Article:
Russian Parents Complain About the Origins Textbook

Russia Parenting

Russia: a textbook describes angels, holy water and miracles and it is used for a course called “The Foundations of Spiritual and Moral Culture of the Peoples of Russia.” An official complaint has been filed by a group of Russian parents who are claiming that a regional education department is spreading religious propaganda on their children through this textbook. This way Russian Orthodox Church keeps trying to teach more religion in public schools.

One of the parents, Inna Gerasimova, told for Russian daily news that she and several other parents had decided to file the complaint after reading the Origins textbook given to their children. Their fifth-grade children, who are 10-11 years old, have been learning from this book on a course called “The Foundations of Spiritual and Moral Culture of the Peoples of Russia.” The problem occurred among not only atheists but also religious people because “half of families in our school are Muslims, because this is a new Moscow district”, according to Gerasimova. She also noted, “We have Jewish families as well as Roman Catholics and Adventists.”

The subject "Foundations of Spiritual and Moral Cultures of the Peoples of Russia" began to be taught in Russian schools on 1 September 2015. The discipline is not required for study and therefore each school is left to its own discretion for ways of implementing the subject area approved by the Ministry of Education. It is taught from the 5th to 10th grade and parents in Moscow can choose whether they want their child to use the Origins textbook for the course. Textbooks on Muslim and Buddhist cultures are available in other regions, as well as books on general ethics and the history of world religions.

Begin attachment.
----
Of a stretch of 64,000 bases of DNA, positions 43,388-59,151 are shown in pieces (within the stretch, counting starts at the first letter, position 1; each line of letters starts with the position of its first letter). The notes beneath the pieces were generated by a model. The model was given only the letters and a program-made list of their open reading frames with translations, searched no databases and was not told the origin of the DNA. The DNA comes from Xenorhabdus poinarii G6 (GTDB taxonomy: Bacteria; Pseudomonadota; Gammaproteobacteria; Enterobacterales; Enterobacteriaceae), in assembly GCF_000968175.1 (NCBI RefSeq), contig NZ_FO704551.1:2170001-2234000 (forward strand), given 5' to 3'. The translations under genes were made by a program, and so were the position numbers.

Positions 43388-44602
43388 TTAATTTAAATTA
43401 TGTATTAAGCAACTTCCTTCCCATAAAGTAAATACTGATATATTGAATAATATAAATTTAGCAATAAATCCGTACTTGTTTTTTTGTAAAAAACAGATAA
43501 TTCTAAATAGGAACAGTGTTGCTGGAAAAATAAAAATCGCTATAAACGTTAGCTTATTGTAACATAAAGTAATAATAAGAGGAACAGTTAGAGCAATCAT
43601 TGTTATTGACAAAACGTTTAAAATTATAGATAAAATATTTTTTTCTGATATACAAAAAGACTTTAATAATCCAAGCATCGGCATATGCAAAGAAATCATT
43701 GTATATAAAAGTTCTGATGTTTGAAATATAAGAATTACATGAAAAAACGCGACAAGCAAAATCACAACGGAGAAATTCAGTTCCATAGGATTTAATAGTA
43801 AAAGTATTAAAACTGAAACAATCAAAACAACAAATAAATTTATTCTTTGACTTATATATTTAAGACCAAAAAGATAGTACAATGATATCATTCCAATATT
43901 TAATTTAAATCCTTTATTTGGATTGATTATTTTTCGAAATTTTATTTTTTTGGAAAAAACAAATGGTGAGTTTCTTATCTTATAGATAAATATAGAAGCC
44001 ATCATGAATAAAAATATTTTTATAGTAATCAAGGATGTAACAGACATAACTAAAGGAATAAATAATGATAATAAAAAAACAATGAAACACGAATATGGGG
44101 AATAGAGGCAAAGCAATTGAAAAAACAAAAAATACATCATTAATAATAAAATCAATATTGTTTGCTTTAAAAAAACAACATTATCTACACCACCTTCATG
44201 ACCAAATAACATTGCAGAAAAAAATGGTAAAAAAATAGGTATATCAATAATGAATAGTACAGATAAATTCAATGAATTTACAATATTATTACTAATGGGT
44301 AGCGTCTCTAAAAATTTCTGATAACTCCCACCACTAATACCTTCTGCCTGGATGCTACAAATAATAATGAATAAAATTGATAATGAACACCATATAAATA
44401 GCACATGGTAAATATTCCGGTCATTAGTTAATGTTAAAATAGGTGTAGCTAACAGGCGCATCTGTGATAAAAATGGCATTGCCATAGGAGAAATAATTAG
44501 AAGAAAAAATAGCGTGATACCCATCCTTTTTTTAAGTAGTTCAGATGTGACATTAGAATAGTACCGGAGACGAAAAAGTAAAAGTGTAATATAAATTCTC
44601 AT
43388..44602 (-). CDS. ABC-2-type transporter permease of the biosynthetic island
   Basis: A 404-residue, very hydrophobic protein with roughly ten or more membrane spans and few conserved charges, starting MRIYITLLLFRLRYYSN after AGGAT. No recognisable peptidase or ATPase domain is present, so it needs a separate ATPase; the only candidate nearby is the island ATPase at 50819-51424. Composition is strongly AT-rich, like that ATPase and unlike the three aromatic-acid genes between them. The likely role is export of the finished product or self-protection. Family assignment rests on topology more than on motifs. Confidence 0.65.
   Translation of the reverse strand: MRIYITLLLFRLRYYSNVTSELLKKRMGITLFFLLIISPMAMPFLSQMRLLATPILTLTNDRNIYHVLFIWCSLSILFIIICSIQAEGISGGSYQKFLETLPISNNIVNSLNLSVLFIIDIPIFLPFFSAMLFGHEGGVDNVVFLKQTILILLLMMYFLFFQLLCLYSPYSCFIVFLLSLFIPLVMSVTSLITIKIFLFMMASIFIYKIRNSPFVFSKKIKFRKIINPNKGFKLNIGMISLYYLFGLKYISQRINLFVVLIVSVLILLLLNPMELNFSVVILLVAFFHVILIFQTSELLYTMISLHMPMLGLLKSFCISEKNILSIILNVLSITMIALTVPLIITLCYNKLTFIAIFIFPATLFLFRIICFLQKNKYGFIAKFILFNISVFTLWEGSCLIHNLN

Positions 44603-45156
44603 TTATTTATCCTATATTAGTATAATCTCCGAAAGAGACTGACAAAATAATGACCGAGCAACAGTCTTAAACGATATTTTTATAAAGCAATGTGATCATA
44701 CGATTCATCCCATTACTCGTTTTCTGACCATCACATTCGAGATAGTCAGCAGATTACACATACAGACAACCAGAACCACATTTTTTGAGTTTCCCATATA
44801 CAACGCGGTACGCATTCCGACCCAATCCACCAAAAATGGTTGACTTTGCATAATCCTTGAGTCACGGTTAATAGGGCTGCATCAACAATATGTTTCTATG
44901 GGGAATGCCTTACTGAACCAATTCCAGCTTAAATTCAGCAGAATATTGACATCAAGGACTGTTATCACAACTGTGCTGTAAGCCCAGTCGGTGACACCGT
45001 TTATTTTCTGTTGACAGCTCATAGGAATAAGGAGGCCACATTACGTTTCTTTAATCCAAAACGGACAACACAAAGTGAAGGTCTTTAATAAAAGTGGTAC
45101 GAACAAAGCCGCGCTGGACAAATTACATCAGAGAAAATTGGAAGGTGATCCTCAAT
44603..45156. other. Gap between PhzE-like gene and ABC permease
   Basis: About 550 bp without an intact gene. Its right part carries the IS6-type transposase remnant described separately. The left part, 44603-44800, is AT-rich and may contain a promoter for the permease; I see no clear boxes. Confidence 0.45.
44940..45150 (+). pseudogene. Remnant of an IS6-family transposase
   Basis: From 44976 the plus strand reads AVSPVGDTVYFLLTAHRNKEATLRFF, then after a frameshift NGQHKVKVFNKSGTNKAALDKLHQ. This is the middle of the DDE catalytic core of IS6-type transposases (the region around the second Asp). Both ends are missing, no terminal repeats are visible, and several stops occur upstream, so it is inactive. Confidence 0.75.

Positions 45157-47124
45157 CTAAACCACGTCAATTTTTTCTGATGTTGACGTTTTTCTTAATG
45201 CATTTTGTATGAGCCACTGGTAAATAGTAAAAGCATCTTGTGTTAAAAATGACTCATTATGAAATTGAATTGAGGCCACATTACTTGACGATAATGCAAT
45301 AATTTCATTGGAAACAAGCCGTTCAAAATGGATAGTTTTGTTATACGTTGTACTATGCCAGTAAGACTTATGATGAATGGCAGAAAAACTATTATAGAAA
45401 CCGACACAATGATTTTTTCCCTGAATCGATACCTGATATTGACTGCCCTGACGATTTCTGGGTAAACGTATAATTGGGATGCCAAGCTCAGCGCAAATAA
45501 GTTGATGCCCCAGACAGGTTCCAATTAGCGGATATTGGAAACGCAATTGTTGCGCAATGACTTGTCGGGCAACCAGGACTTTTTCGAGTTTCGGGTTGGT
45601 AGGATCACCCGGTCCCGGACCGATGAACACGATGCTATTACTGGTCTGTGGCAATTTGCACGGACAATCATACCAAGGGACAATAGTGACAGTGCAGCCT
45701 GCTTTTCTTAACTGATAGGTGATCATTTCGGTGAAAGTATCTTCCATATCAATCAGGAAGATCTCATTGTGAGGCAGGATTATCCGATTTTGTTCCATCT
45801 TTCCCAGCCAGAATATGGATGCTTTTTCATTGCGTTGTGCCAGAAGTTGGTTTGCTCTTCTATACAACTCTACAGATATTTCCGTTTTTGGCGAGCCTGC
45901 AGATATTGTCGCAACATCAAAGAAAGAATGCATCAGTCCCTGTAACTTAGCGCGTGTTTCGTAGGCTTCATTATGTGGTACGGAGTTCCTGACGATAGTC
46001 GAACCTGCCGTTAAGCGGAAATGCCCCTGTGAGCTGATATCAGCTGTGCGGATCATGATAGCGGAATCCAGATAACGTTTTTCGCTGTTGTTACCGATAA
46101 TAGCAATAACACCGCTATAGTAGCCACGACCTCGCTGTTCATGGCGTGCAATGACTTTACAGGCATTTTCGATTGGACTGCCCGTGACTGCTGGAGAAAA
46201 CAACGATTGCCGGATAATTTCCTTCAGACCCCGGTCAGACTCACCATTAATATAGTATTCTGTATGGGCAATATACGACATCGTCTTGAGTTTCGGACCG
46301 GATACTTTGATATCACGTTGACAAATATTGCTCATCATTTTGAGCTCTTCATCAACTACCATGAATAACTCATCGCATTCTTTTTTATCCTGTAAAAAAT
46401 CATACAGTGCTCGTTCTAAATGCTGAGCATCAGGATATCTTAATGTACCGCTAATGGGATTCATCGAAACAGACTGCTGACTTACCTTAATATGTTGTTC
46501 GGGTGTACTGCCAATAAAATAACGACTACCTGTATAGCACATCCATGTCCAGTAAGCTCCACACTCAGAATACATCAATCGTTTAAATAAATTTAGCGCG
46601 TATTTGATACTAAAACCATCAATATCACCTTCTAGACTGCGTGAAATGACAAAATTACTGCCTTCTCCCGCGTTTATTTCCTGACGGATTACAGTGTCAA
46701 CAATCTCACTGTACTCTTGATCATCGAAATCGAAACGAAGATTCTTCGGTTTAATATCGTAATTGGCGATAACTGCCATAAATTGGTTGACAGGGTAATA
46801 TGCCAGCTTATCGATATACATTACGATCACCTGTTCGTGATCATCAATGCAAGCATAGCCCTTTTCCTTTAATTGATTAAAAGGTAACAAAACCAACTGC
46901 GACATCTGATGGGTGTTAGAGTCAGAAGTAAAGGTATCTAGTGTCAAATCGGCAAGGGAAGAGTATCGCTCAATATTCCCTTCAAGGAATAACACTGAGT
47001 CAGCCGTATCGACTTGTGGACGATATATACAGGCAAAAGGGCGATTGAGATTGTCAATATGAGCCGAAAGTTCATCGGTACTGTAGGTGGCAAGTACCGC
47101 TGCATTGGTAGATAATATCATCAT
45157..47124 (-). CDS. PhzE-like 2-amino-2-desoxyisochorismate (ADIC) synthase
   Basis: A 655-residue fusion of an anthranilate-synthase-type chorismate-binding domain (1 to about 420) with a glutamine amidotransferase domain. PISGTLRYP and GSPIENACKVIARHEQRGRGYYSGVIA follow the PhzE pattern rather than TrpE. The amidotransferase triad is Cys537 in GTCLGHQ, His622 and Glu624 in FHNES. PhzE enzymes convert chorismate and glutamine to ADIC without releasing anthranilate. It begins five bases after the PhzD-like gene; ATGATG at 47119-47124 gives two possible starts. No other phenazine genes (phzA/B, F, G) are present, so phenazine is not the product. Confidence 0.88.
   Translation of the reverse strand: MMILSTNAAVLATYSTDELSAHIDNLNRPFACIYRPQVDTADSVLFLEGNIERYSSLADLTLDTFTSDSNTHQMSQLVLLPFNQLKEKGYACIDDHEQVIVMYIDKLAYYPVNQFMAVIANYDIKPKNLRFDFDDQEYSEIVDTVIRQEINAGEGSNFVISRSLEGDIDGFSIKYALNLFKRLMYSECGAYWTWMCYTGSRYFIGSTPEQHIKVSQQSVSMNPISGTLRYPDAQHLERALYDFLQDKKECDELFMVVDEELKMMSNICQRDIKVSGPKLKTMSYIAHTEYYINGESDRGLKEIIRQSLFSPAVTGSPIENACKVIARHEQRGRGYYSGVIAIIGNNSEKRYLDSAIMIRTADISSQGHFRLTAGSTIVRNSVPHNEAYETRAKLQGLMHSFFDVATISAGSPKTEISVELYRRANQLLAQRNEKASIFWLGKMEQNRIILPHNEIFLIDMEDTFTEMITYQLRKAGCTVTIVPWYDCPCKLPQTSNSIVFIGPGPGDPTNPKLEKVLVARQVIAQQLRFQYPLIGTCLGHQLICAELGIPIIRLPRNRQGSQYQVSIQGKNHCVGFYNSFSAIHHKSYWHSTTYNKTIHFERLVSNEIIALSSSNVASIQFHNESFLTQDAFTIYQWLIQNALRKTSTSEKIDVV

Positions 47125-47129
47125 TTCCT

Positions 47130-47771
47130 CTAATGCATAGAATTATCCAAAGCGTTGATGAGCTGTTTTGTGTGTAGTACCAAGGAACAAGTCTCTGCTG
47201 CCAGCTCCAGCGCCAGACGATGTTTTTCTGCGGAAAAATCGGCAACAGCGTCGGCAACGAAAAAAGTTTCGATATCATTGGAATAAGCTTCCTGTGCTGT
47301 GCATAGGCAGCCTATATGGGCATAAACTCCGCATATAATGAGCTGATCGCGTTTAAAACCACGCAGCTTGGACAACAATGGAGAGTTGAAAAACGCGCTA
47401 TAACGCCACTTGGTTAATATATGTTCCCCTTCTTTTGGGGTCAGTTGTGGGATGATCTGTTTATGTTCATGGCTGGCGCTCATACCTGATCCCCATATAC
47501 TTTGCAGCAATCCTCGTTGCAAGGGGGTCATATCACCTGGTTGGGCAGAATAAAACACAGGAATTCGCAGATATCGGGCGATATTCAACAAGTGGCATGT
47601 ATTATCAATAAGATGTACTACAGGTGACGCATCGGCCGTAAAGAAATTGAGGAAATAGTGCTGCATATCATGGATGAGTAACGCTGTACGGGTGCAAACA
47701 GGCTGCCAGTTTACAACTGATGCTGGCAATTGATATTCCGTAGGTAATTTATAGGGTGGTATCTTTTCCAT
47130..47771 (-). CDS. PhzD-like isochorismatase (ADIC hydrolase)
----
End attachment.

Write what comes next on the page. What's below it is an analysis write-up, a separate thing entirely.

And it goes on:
According to the upset parents, the troubling book presents the existence of demons and guardian angels as fact, while explaining and teaching that miracles can be performed with the help of icons and holy water.

They had gone to the education ministry’s local department to point out the flaws in the textbook, but they were told to address their complaints to the school administration. Apparently the school administration insisted that the textbook had been introduced at the department’s initiative in the first place. As a result, the parents decided to file an official complaint with the prosecutor's office.

The Russian Federation is a strictly secular state and proscribes the authorities from giving preference to any religion, while also prohibiting them from imposing restrictions on the religious freedom of Russian citizens, according to the Russian Constitution. Russia’s Supreme Court has ruled to uphold the ban of Muslim headgear in schools introduced last fall by authorities in two Russian regions, Stavropol and Mordovia. The Mordovian government’s order banned not only hijabs, but also any clear demonstration of any attributes of any religion. The ban also extends to blue jeans, miniskirts, low-cut tops, bright makeup or hair dye. The court ruled that this measure did obstruct Muslims’ faith in God and did not infringe on their constitutional rights.

Photo Credits: Cold As Guis

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